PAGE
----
When she was in college playing on the Southern Methodist golf team, Therese Hession was driving through the plains of Oklahoma when her car broke down. She was the only one in her car full of teammates that even somewhat knew how to change the flat tire that stalled their trip. And her skills were put on the spot with not a town within miles. “It would have been a lot less scary if I had done it before,” Hession laughed when thinking back on it.

So with her experience in the back of her mind, Hession, now in her 18th season as head coach of the Ohio State women’s golf team, took her Buckeyes to a local car dealership for an afternoon of basic car care lessons. They learned how to jump a battery, check fluid levels and, Hession made sure, change a tire.

The trip to the car dealership was just one in a series of life lessons, both on and off the course, Hession arranges for the Buckeyes each winter season. While the golfers are hitting chip shot after chip shot and putting on turf indoors while a layer of snow covers the course, Hession breaks up the practice schedule with a speaker or activity every Wednesday in the off-season.

“I felt it would be good to make them more well-rounded as golfers and as people,” Hession said. “There was still a lot I was learning for the first time after I left college. I’ve tried to make it a well-rounded program to help them in something they might encounter.”

The life lessons have included financial planning, etiquette, car repair and public speaking. They also hit on golf topics ranging from course maintenance and management to establishing playing rules and sponsorship. And of course, listening to the experiences and advance of Betsy King, an LPGA Hall of Famer and the 2007 U.S. Solheim Cup captain, isn’t too shabby either.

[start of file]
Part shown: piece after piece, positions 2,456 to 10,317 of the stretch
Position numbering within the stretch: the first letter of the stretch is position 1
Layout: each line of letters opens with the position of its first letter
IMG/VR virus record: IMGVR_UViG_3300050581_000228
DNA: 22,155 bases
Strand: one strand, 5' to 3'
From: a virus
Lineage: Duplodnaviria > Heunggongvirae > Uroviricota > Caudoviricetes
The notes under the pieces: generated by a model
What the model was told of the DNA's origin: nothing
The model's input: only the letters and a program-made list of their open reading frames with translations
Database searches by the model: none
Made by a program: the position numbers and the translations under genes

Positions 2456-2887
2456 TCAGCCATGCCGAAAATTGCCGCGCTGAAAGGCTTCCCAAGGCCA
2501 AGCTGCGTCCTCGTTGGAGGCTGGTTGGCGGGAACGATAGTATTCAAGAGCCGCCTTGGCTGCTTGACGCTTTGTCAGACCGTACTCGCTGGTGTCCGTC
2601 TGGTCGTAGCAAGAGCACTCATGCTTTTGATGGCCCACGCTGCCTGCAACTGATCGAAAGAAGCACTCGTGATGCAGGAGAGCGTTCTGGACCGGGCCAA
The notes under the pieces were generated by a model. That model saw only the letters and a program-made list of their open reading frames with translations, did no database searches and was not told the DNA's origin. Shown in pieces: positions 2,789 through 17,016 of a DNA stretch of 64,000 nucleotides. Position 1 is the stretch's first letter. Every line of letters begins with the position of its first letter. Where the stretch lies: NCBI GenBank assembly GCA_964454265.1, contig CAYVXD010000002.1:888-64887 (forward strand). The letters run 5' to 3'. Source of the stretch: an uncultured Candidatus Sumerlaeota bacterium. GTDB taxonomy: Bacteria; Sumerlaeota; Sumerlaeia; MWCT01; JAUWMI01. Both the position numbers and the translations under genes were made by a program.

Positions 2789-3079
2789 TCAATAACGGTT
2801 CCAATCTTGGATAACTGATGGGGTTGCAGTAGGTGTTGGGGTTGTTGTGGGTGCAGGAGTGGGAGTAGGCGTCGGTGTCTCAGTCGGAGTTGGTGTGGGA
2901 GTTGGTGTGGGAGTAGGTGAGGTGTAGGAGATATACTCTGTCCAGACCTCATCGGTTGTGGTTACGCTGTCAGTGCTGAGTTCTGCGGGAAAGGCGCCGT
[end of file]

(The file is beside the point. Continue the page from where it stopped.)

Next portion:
“Coach has done a good job making them interesting and varied,” Jennifer Cassidy, a senior on the team, said. “At first we thought they were going to be all golf related seminars, which there have been several and those are great because it is good to get a chance to talk to the pros. But we’ve had people come in and talk about completely unrelated topics.

“The off-season speakers have not only been helpful to our games, but in life. Every time after one of them I hear teammates say, I learned so much I never knew.’”

One pro that stopped by this winter was Alice Miller, who won an LPGA major at the 1985 Nabisco Dinah Shore. She discussed not only her playing career, but her work within the LPGA since retiring as a player in 1998. Miller currently serves as tournament director of the LPGA championship and president of the Sponsors Board for the LPGA.

“Alice could give them a lot of insight on the sponsor’s side, what they’re looking for in players as well as in her own playing experiences,” Hession said. “She also had a short stint as an LPGA rules official so she gave them some ideas about course set up as well as some things they should consider when they get into situations on the course.”

“Hearing Alice Miller’s experience and her thoughts when she was in our positions was really cool,” Cassidy said. “I felt like it spoke to me a lot and gave me some inspirations gearing up for the spring season.”